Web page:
Memogate

03.21.12

Did The Notorious Mansoor Ijaz Lie About Me Under Oath?

Is it illegal to lie to an investigative commission constituted by the Supreme Court of Pakistan?

It’s an interesting question, because I can attest first-hand that a lie was told there.

The Memo Commission is looking into Pakistan’s bitterly inflammatory “Memogate” controversy. I won’t recapitulate the details of the controversy now. They can be read in the column linked in the next paragraph. Suffice it to say that the controversy very nearly toppled Pakistan's civilian government—and did force the resignation of Pakistan's ambassador to the United States.

The controversy was set in motion by the allegations of a Pakistani-American businessman named Mansoor Ijaz. In a December 2011 column about the Memogate controversy on CNN.com, I wrote the following about Mansoor Ijaz (please forgive the long self-quotation; it’s highly relevant to the story):

Ijaz came to view in the United States in the months after 9/11, when he told an amazing story to anyone who would listen: In the mid-1990s, when Osama bin Laden still lived in Sudan, he -- Ijaz -- had brokered a deal whereby the Sudanese would surrender bin Laden to the United States. The Clinton administration had perversely rejected the deal. This story would ultimately be repudiated as groundless by the 9/11 Commission, but at the time it gained a wide hearing on Fox News and right-wing talk radio. Ijaz himself got a contract as a Fox News analyst.

In the 2000s, Ijaz produced a series of sensational revelations, which again and again proved untrue.

One of Ijaz’s claims in the Memo-gate story was that high authorities in Pakistan had tasked him to convey a top-secret communication to the United States. About that claim, I wrote in my CNN.com column:

You might wonder: Why would any "senior diplomat" in his right mind trust Mansoor Ijaz, of all people, to carry a message?

And it's not like it would be so hard for the president of Pakistan to get a secret message directly to the president of the United States: There's a large and highly capable U.S. diplomatic mission in Islamabad. Ijaz's story was bizarre on its face.

I finally concluded that Ijaz’s version of events was almost certainly bogus, and I raised the possibility that “Pakistani democracy has been corroded, and the U.S. and Pakistan have been pushed toward a dangerous confrontation, by a reckless fantasist motivated by childish vanity.”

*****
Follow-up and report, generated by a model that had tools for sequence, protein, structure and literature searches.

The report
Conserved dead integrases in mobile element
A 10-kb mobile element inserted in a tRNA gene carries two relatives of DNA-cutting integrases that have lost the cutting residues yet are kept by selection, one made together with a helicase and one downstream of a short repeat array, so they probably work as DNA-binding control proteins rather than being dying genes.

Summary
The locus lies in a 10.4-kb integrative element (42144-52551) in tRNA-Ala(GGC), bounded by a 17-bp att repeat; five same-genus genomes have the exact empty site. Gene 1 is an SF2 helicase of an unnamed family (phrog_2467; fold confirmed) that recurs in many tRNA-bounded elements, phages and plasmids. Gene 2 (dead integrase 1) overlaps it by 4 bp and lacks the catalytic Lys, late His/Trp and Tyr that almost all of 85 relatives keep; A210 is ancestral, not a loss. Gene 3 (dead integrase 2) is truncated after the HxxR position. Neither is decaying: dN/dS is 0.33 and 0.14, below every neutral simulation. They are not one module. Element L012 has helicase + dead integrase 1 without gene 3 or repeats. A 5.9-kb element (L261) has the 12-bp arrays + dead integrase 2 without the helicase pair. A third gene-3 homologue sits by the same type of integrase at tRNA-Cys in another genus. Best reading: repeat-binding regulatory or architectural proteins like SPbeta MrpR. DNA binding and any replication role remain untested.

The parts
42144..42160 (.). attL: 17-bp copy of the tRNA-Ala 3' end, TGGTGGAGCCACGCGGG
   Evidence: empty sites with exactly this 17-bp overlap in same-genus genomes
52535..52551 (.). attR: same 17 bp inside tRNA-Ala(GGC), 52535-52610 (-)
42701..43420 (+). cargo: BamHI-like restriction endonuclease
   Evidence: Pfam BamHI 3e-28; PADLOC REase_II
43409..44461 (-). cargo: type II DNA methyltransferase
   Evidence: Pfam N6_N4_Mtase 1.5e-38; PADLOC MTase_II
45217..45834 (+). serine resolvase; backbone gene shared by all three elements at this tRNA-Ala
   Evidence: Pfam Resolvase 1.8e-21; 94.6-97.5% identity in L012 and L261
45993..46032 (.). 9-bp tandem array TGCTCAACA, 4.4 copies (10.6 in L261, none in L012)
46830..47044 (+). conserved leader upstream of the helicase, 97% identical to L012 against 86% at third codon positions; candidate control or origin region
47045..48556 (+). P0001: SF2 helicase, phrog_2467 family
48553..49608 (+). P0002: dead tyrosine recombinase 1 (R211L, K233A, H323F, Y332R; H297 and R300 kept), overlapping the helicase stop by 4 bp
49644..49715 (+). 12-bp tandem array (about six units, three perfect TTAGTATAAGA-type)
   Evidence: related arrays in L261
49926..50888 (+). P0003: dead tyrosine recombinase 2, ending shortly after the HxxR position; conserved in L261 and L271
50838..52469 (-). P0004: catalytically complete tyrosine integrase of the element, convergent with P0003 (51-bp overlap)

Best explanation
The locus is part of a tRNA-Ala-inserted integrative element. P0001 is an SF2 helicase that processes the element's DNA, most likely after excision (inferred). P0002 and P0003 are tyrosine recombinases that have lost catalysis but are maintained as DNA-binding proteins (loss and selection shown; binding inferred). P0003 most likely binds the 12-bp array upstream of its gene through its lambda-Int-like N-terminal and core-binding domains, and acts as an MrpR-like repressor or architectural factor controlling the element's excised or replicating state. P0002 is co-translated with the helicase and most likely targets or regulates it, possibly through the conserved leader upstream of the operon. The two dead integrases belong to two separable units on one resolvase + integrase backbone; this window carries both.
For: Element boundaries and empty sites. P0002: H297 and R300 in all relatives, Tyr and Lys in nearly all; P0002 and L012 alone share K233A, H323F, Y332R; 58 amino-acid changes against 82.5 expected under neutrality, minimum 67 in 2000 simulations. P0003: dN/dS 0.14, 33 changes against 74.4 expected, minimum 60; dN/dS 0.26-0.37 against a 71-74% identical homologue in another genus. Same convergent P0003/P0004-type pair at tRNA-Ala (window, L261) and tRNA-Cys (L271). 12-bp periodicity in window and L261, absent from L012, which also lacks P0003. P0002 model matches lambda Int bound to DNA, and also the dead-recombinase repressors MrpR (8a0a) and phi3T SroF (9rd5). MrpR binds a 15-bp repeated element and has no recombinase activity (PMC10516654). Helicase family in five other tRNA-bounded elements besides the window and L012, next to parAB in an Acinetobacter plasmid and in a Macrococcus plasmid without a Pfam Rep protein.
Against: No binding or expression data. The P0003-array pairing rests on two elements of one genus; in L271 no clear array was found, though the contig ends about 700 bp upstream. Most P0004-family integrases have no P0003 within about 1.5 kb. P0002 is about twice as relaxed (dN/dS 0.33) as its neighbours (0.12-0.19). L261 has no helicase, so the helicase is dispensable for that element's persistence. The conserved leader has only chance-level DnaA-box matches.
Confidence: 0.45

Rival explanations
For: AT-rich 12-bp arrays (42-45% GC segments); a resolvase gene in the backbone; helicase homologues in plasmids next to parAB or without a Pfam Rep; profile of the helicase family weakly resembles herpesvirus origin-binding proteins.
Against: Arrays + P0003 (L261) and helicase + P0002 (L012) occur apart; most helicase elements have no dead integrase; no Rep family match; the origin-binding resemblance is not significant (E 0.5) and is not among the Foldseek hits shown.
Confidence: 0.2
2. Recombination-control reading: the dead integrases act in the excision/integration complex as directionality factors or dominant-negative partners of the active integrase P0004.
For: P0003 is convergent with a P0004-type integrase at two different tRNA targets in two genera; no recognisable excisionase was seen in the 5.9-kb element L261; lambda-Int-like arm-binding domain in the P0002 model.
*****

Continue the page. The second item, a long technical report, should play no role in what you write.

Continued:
In commission proceedings on March 15, Ijaz was asked about my column. He answered as follows:

Q: Do you know Mr. David Frum, who is also a contributor to CNN?
 
A: I don’t know Mr. David Frum personally, but I know about him. He has extensively written against me with regard to this matter.
 
Q: Do you have an article contributed on December 8, 2011, by Mr. David Frum?
 
A: I don’t have it.
 
Q: How did Mr. David Frum describe you in the said article?
 
A: I don’t recall, but it was in negative terms. [Volunteers] In view of the fact Mr. Frum defamed me my lawyers in Washington informed him that if he does not retract, I will be taking legal action against him.

(You can read the transcript here. This exchange is on page 43.)

Let me state flatly for the record: that quoted statement of Mansoor Ijaz is false. I have not been threatened with legal action by any lawyer representing Mansoor Ijaz. I have not had any communication of any kind from any lawyer representing Mansoor Ijaz.

Mansoor Ijaz did ask CNN.com to post a response from him, not only to my column, but also to a column by my CNN colleague Peter Bergen detailing the long, sorry history of false claims by Ijaz. That response can be read here:

David Frum can call me all the names he wants -- it won't change the facts. It certainly will not deter me. And it won't help to fix what ails Pakistan.

Peter Bergen can ridicule my three or four claims that turned out to be inaccurate over a five year period of being interviewed nearly four or five times a week -- it won't change the facts, or the accuracy with which I recorded them in this instance.

That’s a bold new defense: 'My claims turned out to be false only three or four times!'

Now there is a fifth time (at least) when an Ijaz statement has been revealed as false.
 
May it please the court, I think we have a regular pattern of behavior here.